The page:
We're now just hours away from getting Netflix's (NASDAQ:NFLX) second-quarter results, and investors seem worried about one thing: How much money the company stands to lose with the price cuts it announced over the weekend.

The 3-out unlimited plan -- the one that most Netflix subscribers belong to, which allows members to go through as many DVD rentals as they want with no more than three out at any time -- is seeing its price dropped by a buck to $16.99 a month.

The company's press release waxes on the patron-friendly obvious. "Netflix Members to Benefit From New Low Prices" reads yesterday's headline.

I guess one could also rewrite that as "Netflix Shareholders to Suffer From New Low Stock Prices."

See, the market doesn't like price wars. A buck may not seem like much, but that's pure profit being scraped away. Netflix has now cut prices on its four most attractively-priced plans this year, in theory trimming away roughly $70 million a year in pre-tax profits. That's a large sum for a company that has never produced that much in operating income in any year.

It's different this time, really
Bulls can argue that the last Netflix price war didn't turn out so badly. When it cut prices by $4 a few years ago, that was enough to keep Amazon.com (NASDAQ:AMZN) out of the market and force Wal-Mart (NYSE:WMT) to yell "Uncle Sam Walton" and bow out of the niche.

The market didn't like it, but it soon saw a kinder competitive landscape, with Netflix returning to profitability sooner than expected.

It's a bit trickier this time around. Digital delivery is slowly poking holes into the mail-delivered model. Blockbuster's (NYSE:BBI) Total Access is also a hit, in line to possibly sign up more net new subscribers than Netflix this year.

Wasn't Blockbuster losing so much money with Total Access that it was just a matter of time before it inched prices higher or gagged on its debt-saddled balance sheet in bankruptcy court?

It's a different poker game this time around. Three years ago, Netflix successfully called Amazon's bluff. It's pointless now. Blockbuster is all in. It has thrown all its chips on the mail-delivered wager. It established the regional distribution centers to equal the Netflix turnaround. Its physical stores have been remodeled to encourage online memberships.

In some ways, Blockbuster's product is actually superior to the Netflix experience. That may have sounded like heresy a couple of years ago, but here are some of the Total Access advantages:

  • Blockbuster's plan allows for as many as six movies out at the same time (three by mail, three in-store through the free in-store exchanges).
  • Blockbuster ships out rentals six days a week. Netflix runs its distribution centers only on weekdays.
  • Video game buffs can get a free in-store video game rental every month through Blockbuster. Netflix just doesn't offer games.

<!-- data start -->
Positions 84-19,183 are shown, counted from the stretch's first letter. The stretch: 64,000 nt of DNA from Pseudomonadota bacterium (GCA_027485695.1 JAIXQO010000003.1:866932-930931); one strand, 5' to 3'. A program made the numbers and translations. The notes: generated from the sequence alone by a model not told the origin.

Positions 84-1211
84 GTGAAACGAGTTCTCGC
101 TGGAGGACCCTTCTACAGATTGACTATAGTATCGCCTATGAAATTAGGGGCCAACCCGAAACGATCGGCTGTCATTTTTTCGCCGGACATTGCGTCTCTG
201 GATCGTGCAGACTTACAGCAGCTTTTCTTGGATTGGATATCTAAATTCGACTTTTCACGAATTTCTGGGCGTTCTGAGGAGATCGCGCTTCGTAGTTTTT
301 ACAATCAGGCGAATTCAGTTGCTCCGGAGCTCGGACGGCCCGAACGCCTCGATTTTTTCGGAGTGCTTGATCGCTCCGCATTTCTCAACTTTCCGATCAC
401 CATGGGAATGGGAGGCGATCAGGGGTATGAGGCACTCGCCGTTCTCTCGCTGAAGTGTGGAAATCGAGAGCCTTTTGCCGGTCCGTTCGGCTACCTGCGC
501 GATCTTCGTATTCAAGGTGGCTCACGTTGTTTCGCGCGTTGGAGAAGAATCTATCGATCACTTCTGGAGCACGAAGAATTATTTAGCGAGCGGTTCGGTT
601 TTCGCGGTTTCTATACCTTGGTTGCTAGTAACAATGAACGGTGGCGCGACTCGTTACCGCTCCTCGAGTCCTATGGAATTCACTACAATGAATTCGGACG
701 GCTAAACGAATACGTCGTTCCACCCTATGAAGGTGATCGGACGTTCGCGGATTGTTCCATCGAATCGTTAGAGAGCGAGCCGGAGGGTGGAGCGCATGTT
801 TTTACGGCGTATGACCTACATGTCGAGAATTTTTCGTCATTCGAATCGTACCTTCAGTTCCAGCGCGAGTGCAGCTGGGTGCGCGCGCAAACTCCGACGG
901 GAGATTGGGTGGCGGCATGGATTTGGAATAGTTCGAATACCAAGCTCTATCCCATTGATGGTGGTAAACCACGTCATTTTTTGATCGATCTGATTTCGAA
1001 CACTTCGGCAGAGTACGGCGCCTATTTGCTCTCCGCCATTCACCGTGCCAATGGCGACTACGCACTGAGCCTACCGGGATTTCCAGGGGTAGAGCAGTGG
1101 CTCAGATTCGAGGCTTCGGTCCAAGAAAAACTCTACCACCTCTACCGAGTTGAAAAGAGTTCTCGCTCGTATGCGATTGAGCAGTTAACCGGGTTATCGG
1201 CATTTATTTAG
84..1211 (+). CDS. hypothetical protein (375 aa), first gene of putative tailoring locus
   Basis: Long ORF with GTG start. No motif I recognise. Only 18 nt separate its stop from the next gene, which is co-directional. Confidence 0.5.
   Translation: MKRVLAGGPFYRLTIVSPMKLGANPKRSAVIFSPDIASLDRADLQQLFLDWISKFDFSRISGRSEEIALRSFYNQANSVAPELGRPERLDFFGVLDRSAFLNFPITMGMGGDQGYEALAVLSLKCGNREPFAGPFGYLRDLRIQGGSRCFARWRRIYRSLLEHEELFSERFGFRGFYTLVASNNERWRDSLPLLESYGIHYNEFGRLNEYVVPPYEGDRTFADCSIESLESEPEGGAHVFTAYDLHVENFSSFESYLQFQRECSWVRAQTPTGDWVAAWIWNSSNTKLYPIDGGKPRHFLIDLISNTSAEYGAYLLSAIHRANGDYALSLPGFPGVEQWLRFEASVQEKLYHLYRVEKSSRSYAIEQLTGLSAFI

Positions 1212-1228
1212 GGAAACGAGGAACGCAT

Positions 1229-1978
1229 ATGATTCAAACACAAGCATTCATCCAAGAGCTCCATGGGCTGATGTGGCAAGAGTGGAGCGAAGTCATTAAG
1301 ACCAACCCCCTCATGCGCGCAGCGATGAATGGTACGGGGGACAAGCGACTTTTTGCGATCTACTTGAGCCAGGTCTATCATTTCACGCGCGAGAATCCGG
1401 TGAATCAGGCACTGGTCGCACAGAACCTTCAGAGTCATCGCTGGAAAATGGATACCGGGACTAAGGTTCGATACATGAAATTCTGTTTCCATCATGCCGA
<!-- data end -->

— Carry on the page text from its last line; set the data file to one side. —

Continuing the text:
Yes, Netflix still has a few major advantages. The selection and title availability -- in my experience -- are better with Netflix. The user interface at Netflix is slightly more intuitive. Netflix also has a deeper pool of viewer movie ratings, making its recommendations that much stronger. Oh, and Netflix also has the Instant Watching feature, allowing subscribers to stream a set amount of titles online in any given month.

But if Netflix, with all of its advantages, still feels that is has to be the low price leader, what does this say about the company's competitive positioning? Investors want companies with pricing power.

As the hours drag
So why did Netflix make this move on the eve of its quarterly report? Couldn't it have just lumped it onto this afternoon's update? If the second-quarter earnings are good, Netflix could always argue that it knows what it is doing in this difficult climate. If the numbers are bad, Netflix could just couple the announcement with a warning that margins will be tested as a result of the buck back mountain.

Showering shareholders with two consecutive days of bad news -- or hitting them with an upper the day after a downer -- makes about as much sense as moving The Adventures of Pluto Nash or Ishtar to the top of your Netflix queue.

I keep trying to tell myself that Netflix CEO Reed Hastings knows exactly what he is doing. Maybe he knows that Blockbuster is too fat to go too much lower in this limbo stick dance before it breaks its back -- and backers.

Like I was telling our own Mac Greer last week, digital delivery is going to be a real challenge for Netflix sooner than most of us realize, but today's emphasis needs to be on Blockbuster. This is the time to build up the widest audience possible, if only to have them in place when it comes time to market the next-gen platform that will replace the DVD as the way that we consume movies.

I'm just not so sure that a price war will have the desired result. I don't think that you will ever hear someone say, "I was going to leave Netflix at $17.99, but it's just too good a deal at $16.99." A buck isn't a deal-breaker to the consumer, yet it may be enough to turn this year's Wall Street profit projections into a small loss.  

It's a cry for help, really. It's the rattling of the dinner bell for Amazon (if the buyout chatter that has been going around for years is true). And it's blood in the water for Blockbuster, which has been circling with teeth bared for some time.

It's hard to believe in Netflix when things like this happen. I'm dreading logging in to my Netflix account, only to realize that my greatest fears are confirmed: the company is fresh out of Raging Bull.

The saga, in a nutshell:

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Longtime Fool contributor Rick Munarriz has been a Netflix subscriber -- and shareholder -- since 2002. He is also part of the Rule Breakers newsletter research team, seeking out tomorrow's ultimate growth stocks a day early. The Fool has a disclosure policy.